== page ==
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Regrets are a waste of time – I sincerely believe that. Nevertheless a recent Stanford research study sent me bitterly back to 1990, to a nondescript medical center in suburban Denver – where I had my first MRI exam.
The study, which found a direct correlation with the supply of MRI machines and the frequency of back surgery for Medicare patients (you guessed it – more MRI’s = more surgeries), made me wonder for the umpteemth time – could I have saved myself a lot of pain if I had never climbed into that machine?
Truthfully, it’s impossible to answer that question – and it may be moot, anyhow. After all, I survived not one but two surgeries and moved on to a solid marriage, lots of travel, mountain climbing, hundreds of miles on my bikes and a productive writing career. Maybe my ruptured lower back disc (and accompanying severe leg pain) could never have healed without my laminectomy?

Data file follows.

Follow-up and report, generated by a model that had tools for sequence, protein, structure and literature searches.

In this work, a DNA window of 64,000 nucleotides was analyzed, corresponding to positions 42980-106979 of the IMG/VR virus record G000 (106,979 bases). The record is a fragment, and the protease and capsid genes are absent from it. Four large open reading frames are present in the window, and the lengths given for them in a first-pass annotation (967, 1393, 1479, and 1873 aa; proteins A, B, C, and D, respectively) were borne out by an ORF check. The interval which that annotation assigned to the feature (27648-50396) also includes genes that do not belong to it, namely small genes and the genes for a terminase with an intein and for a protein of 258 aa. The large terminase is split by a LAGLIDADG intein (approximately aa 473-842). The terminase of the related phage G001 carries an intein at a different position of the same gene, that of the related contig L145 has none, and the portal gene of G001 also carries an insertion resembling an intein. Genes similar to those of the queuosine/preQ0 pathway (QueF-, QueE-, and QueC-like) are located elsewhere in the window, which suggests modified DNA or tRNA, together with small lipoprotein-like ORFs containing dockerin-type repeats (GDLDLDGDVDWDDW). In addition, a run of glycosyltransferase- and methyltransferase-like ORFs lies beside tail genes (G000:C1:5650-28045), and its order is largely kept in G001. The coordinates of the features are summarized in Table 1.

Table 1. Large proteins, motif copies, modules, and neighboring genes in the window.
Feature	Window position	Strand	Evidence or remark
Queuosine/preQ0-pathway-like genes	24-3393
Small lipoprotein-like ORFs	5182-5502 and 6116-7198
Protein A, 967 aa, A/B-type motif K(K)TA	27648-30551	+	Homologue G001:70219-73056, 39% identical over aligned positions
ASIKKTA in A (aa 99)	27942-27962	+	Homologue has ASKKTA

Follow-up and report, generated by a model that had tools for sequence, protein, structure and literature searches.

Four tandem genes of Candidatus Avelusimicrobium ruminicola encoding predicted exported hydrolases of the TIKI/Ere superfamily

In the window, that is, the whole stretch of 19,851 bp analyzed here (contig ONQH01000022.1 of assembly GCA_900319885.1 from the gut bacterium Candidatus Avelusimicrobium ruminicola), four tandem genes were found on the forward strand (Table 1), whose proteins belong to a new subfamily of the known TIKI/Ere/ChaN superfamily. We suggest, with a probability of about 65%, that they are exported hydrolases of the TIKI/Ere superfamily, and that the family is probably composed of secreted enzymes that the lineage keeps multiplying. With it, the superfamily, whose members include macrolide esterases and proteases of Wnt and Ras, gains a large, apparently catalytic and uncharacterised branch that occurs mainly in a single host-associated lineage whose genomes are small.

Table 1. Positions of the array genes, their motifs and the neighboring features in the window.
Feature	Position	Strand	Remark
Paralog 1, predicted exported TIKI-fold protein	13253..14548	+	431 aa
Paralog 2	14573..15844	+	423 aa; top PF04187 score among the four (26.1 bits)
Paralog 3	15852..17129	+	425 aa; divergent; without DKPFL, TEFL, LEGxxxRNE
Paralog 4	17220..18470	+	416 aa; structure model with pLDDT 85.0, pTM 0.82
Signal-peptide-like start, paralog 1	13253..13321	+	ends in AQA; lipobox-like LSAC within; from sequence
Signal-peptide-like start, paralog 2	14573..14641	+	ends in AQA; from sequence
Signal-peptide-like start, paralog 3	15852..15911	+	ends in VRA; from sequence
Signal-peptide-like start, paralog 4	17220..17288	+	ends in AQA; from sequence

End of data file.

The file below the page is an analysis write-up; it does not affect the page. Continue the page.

Still, 20 years later I can say I didn’t have a chance of avoiding surgery once I emerged from the MRI. The moment my doctor showed me – as a 22-year-old who had never experienced a serious medical problem – the visual evidence of my injury, right there in front of me on the MRI report, he had his license to operate.
And I succumbed to my pain, with a solid push from modern medical technology, with absolutely no clue of the lifelong struggle upon which I was about to embark.
The fact that more surgeries result from a prevalance of diagnostic equipment isn’t all that surprising. A disturbing recent NPR report documented a surge in hysterectomies performed on New England women, noting that more doctors in a community can tranlsate to an increase in the number of medical procedures.
But an even bigger influence, according to the report, was money. Under our fundamentally flawed U.S. health care system, doctors in the U.S. earn more money the more procedures they perform (mostly regardless of patient outcomes).
They must have some regrets about their choices, as well.